U.S.A.:WORDS FROM NICK SCHEELE: Ford's Focus is on Europe
All-new model not heading for U.S.
November 20, 2003
BY JAMIE BUTTERS
FREE PRESS BUSINESS WRITER
Ford Motor Co. has no plans to bring an all-new Focus to North America in the foreseeable future, president and chief operating officer Nick Scheele told the Free Press this week.
Ford is rolling out an all-new Focus for Europe next year, which will also provide the basic underpinnings for Mazda and Volvo small-car models. Suppliers and analysts had once expected that European Focus to be brought to North America in 2005. Later, they believed it had been pushed back to 2007. Now they are finding that nothing more than minor freshenings are planned until at least 2010.
Scheele said no plans for an all-new Focus have been seriously discussed since he came to North America in 2001. A complete overhaul isn't necessary, he said, with quality dramatically improved, accolades rolling in, and millions of dollars in state incentives to help make Wayne Stamping and Assembly the sole source of all Focus models in North America. The plant consolidation is set to be announced today.
"We think we've got a great product for North America. We see no need to change it," he said.
When businesses spend money on new products -- called capital expenditures -- it is a bit of a gamble. Automakers bet hundreds of millions of dollars, even a billion, that a new model will generate big profits.
But choosing not to place that bet has risks, too. And some outside experts say Ford is taking a chance that it won't get left behind in a very competitive part of the market.
Excluding a handful of the smallest and cheapest models, J.D. Power and Associates calls the premium compact-car segment a brutally competitive one that accounts for 13.5 percent of the U.S. light-vehicle market. (It accounts for one-third of sales in Europe, where it is considered a midsize car, Scheele said.) The main reason is that Toyota Motor Corp. and Honda Motor Co. have maintained an unrelenting pace of full redesigns every five years, said Tom Libby, an economist with J.D. Power and Associates in Troy.
"The leaders in that segment are refreshed every five years," he said, referring to the Honda Civic and Toyota Corolla. "A 10-year product life cycle in that segment is not fully competitive.
With a newer model, automakers can avoid incentives and generate more revenue with each car.
The Civic sells for about $16,000 and the Corolla about $15,500, according to J.D. Power's analysis of actual transaction prices. The Focus typically sells for $13,500 to $14,000, while the Chevrolet Cavalier, which hasn't been redesigned since 1995, has sold for $12,000 to $13,000.
Scheele said 10 years is still a typical life span for a platform, or basic structure. And it is worth noting that one automaker's face-lift can be nearly as substantial as another's redesign.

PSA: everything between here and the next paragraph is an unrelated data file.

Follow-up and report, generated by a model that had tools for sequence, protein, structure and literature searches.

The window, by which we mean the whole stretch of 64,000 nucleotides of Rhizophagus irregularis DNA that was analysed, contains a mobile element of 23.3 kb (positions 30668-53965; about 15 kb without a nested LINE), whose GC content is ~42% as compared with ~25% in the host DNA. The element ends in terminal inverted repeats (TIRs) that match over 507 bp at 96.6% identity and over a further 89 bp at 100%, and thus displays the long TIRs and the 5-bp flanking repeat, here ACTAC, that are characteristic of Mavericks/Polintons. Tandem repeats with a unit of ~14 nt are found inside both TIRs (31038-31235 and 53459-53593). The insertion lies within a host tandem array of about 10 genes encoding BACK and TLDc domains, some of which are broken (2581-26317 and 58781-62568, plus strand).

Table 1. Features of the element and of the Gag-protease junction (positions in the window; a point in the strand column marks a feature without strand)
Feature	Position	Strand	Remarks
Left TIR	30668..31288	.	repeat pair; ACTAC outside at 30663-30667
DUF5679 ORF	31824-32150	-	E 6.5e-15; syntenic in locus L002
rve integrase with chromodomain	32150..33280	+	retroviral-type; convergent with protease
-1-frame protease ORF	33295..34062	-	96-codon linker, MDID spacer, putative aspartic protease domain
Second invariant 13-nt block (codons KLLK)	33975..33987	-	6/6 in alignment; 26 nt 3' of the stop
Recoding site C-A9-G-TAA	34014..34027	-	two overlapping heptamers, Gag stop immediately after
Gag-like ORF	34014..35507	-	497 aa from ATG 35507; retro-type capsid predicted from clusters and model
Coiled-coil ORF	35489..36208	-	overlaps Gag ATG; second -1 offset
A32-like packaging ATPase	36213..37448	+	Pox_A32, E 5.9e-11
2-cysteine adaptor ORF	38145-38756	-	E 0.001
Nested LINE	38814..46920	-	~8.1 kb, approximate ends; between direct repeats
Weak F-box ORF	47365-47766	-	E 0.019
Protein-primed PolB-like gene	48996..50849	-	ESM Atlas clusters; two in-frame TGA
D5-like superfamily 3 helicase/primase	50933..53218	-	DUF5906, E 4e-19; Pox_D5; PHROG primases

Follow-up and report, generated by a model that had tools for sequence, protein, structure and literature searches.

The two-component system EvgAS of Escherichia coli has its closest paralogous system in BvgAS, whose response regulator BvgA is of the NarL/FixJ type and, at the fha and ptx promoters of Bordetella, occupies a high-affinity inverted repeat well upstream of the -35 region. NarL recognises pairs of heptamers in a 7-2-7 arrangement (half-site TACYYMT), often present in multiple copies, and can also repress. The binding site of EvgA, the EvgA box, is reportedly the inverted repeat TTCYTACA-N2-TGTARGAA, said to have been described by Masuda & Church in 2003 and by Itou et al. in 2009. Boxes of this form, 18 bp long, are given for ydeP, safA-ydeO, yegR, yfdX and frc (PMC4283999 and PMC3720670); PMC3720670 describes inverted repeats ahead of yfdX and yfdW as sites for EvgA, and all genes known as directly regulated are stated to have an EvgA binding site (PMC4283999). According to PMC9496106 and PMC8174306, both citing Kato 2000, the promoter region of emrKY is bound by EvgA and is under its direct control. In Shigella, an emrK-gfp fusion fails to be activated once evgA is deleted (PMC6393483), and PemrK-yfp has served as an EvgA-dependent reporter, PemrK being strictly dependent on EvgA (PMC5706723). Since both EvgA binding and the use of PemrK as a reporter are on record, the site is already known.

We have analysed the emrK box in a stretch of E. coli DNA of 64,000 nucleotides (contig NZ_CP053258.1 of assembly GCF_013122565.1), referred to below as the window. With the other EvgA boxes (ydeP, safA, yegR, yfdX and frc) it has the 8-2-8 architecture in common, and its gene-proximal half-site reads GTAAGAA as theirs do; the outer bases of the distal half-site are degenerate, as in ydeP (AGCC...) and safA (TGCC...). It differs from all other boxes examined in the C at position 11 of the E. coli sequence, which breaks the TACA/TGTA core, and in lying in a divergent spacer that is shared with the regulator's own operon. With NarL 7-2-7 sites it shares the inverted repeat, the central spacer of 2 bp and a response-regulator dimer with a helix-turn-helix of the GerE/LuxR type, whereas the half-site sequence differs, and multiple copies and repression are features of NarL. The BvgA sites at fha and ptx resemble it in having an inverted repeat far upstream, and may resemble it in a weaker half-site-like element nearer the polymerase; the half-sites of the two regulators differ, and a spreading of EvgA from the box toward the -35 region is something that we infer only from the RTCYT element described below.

But the idea that Ford is delaying the redesign to save cash -- which Scheele dismisses -- strikes some as a typically Detroit form of suicide.
In a February report that outraged some within Ford, UBS Warburg analyst Saul Rubin questioned the wisdom of delaying the new Focus from 2005 to 2007, as was then thought to be the case.
"It leads us to believe that Ford feels it can let the Focus sit in the marketplace for longer without significant damage," he wrote. "With this among the most competitive of segments, it appears to us there is a high risk that an aging model is likely to suffer."
With the Ford Futura, Five Hundred and scores of other vehicles being introduced across eight brands around the world in the next few years -- and credit-rating agencies demanding that Ford maintain massive cash reserves -- the company has to choose carefully where to spend its money.
Scheele and other Ford executives are also not in a hurry to redesign the Focus because it is finally getting credit for fixing quality problems that sullied the car's U.S. introduction in fall 1999.
With its ample headroom, sporty driving dynamics and a stylish design that even General Motors Corp. CEO Rick Wagoner says has aged well, the Focus has long been a favorite compact car within the industry.
But owners have been another story.
The first two model years the Focus was sold in the United States, Ford held 10 safety recalls. Wednesday, Ford said it will replace a part in the fuel system of 671,000 models because it can cause the engine to stall.
Ford made the mistake of treating the U.S. Focus as if it were a simple carry-over of the European model that had been on the market for two years, Scheele and other executives said.
But it really wasn't that simple. Many major components, such as the engine and transmission, had to be different.
Without enough engineering resources to manage the transition, recalls and defects plagued the model's first two years in the States, and poor results from owner surveys kept the model off of Consumer Reports' annual "recommended buy" list.
Until this year, when it posted a third consecutive year of better-than average quality to earn a spot on the coveted list.
Under quality chief Louise Goeser, Ford initiated hundreds of major "black-belt" projects to address defects such as noisy brakes, flaking paint and squeaks and rattles in the sunroof.
Since the 2000 model, complaints after three months in service are down 31 percent and warranty costs down 51 percent, said Goeser, who points to the Focus' improvement as indicative of the progress throughout the world's second-largest automaker. "The Focus is an example, but it's widespread" progress, she said.
My first car was a 67 Mustang Coupe, 2nd one was a 67 Cougar XR-7, 3rd one was a 66 Mustang Coupe. Why did I get rid of these cars for ? I know why, because I'm stupid, stupid, stupid.
My next Ford.....